Album King of Everything
Release Date: 29 July 2016
Label Napalm Records Genre Tech Death | Progressive Death
Yes, this review is way overdue. The fact is that I had listened to Jinjer’s album, King of Everything, intently back in 2016 with the intention of reviewing it, which never happened. The album has recently entered my regular rotation. I have to say that it has been an absolute pleasure to be listening to it again, and I might say more enjoyable than the first time around.
What I’m really liking about King of Everything at this point is the direction the album goes musically. In its defiance of genre categorization, it draws on several heavy metal genres and ends up being an intense package of aggression and refreshing energy on the metal scene.
What Jinjer is able to do where so many of their tech death or metalcore counterparts fail, is incorporate highly technical playing with solid songwriting. That seems to be something that they didn’t lose sight of; the song is the important part and the technical nuances should be minimal and used to enhance the song — not the other way around.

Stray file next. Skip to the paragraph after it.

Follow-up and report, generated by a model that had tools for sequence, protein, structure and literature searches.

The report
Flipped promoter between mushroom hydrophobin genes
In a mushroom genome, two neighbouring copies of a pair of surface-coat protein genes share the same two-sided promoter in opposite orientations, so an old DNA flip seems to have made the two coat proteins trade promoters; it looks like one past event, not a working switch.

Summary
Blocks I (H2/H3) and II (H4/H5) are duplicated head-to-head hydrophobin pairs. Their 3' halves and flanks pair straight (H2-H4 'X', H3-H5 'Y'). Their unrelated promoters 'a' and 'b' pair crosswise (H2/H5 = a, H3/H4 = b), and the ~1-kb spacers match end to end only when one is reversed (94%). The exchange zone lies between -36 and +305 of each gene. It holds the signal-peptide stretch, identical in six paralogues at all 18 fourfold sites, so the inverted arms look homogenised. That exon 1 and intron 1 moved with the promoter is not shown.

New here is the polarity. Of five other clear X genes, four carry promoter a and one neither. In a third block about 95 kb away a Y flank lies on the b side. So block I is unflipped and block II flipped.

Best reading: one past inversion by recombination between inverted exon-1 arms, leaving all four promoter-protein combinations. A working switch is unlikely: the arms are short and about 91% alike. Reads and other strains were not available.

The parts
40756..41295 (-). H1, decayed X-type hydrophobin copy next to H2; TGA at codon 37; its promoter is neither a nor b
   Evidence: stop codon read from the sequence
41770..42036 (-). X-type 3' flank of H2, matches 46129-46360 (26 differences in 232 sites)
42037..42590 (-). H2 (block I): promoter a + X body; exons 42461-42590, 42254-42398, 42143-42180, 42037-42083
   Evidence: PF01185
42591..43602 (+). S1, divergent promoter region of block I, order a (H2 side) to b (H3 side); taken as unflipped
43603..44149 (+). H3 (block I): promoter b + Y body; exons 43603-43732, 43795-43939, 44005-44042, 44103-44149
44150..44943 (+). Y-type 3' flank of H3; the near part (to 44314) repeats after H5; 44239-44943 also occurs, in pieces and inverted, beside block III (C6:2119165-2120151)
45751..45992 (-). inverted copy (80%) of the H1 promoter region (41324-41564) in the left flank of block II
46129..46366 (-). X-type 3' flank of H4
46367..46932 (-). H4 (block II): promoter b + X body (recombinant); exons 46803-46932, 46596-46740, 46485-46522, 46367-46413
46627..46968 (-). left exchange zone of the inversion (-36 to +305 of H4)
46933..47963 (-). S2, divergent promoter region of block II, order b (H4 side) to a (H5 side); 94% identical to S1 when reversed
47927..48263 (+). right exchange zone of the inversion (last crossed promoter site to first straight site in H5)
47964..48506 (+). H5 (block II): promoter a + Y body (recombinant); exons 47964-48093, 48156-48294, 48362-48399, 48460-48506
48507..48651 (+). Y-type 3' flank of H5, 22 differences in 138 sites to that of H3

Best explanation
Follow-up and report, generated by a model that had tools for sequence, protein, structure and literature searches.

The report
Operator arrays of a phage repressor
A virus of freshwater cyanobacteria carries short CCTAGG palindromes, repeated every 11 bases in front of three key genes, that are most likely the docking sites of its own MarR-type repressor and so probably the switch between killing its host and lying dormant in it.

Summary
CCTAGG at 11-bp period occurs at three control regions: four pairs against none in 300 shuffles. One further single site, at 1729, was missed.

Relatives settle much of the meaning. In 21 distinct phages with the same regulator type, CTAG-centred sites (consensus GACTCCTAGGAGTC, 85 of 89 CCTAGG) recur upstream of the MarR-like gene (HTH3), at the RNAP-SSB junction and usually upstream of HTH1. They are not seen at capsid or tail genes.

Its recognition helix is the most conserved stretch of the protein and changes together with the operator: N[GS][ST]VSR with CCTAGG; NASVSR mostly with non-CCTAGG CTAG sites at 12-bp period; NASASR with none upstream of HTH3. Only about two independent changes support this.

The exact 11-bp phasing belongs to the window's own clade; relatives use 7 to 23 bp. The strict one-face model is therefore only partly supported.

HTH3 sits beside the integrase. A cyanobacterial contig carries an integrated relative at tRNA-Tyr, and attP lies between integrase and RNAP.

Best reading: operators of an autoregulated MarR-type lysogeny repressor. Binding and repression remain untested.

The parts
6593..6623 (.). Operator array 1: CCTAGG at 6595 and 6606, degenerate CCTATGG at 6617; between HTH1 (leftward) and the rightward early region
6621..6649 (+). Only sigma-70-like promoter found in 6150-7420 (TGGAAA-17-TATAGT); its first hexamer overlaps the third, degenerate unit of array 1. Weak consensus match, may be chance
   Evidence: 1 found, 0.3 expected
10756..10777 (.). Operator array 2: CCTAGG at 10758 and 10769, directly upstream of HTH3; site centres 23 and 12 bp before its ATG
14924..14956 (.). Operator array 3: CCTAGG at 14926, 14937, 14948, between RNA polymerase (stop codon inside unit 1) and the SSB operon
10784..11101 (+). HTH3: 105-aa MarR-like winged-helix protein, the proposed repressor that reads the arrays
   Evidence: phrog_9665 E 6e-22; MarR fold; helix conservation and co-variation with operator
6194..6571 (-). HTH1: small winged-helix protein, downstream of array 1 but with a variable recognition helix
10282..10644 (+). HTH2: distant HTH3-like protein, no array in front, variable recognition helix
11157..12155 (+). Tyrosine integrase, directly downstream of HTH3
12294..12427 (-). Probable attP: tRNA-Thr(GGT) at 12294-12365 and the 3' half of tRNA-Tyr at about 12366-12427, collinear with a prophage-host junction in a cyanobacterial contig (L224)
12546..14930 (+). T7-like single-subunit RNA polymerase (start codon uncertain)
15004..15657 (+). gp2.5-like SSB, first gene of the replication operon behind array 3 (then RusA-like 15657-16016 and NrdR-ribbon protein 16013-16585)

In the same way as the technical aspects of the music have been used in a utilitarian fashion, Tatiana Shmailyuk’s vocals are used to great effect and offer tons of dynamics to the songs. True, her growls dominate, but her cleans often carry the songs through the melodies. Her cleans are spectacular to listen to; she has a great voice that could carry another band with no growls, but as it is, we get the devil and the angel from Tatiana in Jinjer.
What’s more, Jinjer is able to appeal to several age demographics. While incorporating certain modern metal elements, such as technical/progressive scales, bass drops, breakdowns, and blast beats, they also shred and include many old-school techniques from thrash metal and death metal. The point is, that there is a lot to listen to, but the listener never feels overwhelmed.
Obviously, the two tracks that are creating the most buzz are “I Speak Astronomy,” which has a very distinctive Rush “YYZ” intro, and “Pisces.” Both great songs, but time will be well spent also listening to “Dip Sail,” “Captain Clock,” “Words of Wisdom,” and “Just Another.” The band also lets out their jazz influence on the left-field album closer, “Beggars’ Dance.”
For a third album, Jinjer sounds very accomplished and polished on King of Everything. As stated, they blend a lot of elements into the album, but the songs never get away from them. This album is highly recommended for anyone who likes heavy metal, but perhaps will be most appreciated by those who like extreme metal, tech death, and progressive metal.
Rock Hard \m/